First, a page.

Saturday, May 25 is the feast day of St. Bede, the Venerable, a Benedictine monk of the 8thcentury who is known as the Father of English History. In his Ecclesiastical History of the English People, Bede offers not only stories of the early Christian kings but colorful descriptions of the English countryside:
The island [England] is rich in crops and in trees, and has good pasturage for cattle and beasts of burden. It also produces vines in certain districts, and has plenty of both land-and waterfowl of various kinds. It is remarkable too for its rivers, which abound in fish, particularly salmon and eels, and copious springs. Seals as well as dolphins are frequently captured and even whales…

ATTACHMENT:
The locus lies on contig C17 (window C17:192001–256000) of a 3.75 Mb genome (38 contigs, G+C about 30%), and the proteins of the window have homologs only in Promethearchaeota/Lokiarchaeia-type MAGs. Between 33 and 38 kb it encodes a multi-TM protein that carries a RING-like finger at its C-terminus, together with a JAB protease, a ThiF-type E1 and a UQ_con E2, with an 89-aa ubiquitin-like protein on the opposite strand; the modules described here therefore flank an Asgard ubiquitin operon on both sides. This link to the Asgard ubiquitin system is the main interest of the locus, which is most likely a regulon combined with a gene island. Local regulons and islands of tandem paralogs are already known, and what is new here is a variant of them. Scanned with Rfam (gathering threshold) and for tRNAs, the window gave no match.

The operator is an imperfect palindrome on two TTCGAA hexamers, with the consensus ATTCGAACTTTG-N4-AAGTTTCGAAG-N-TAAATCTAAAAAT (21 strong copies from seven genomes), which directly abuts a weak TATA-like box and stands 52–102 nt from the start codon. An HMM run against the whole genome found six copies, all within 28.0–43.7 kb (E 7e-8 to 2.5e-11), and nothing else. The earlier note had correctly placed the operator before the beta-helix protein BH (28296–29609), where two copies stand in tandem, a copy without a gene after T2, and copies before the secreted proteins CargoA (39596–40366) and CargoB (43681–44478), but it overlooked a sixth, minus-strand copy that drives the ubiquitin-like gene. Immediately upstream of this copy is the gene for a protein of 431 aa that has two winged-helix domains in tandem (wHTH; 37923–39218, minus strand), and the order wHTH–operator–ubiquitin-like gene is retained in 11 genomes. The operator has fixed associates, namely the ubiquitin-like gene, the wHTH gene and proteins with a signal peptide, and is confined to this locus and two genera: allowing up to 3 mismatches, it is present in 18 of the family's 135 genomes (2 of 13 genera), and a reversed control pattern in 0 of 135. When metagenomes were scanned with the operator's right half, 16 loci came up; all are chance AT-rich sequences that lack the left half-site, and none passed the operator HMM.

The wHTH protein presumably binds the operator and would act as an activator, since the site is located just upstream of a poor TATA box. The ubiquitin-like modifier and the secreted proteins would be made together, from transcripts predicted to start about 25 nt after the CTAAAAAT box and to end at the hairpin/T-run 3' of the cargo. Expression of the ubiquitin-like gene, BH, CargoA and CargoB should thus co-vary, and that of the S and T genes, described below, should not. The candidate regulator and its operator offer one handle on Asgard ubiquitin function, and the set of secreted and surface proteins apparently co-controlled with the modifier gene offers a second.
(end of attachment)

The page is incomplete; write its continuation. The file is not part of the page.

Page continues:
St. Bede spent his entire life at the twin monastery of Wearmouth-Jarrow. Today, one can visit this site and the Bede’s World Museum. See this short video and this article for more. Research carried out by archeologists from Newcastle and Durham Universities is uncovering new details about the monasteries; see Wearmouth and Jarrow: One Monastery in Two Places.Those interested in books about of St. Bede can refer to Oxford Bibliographies.
Posted: May 22, 2015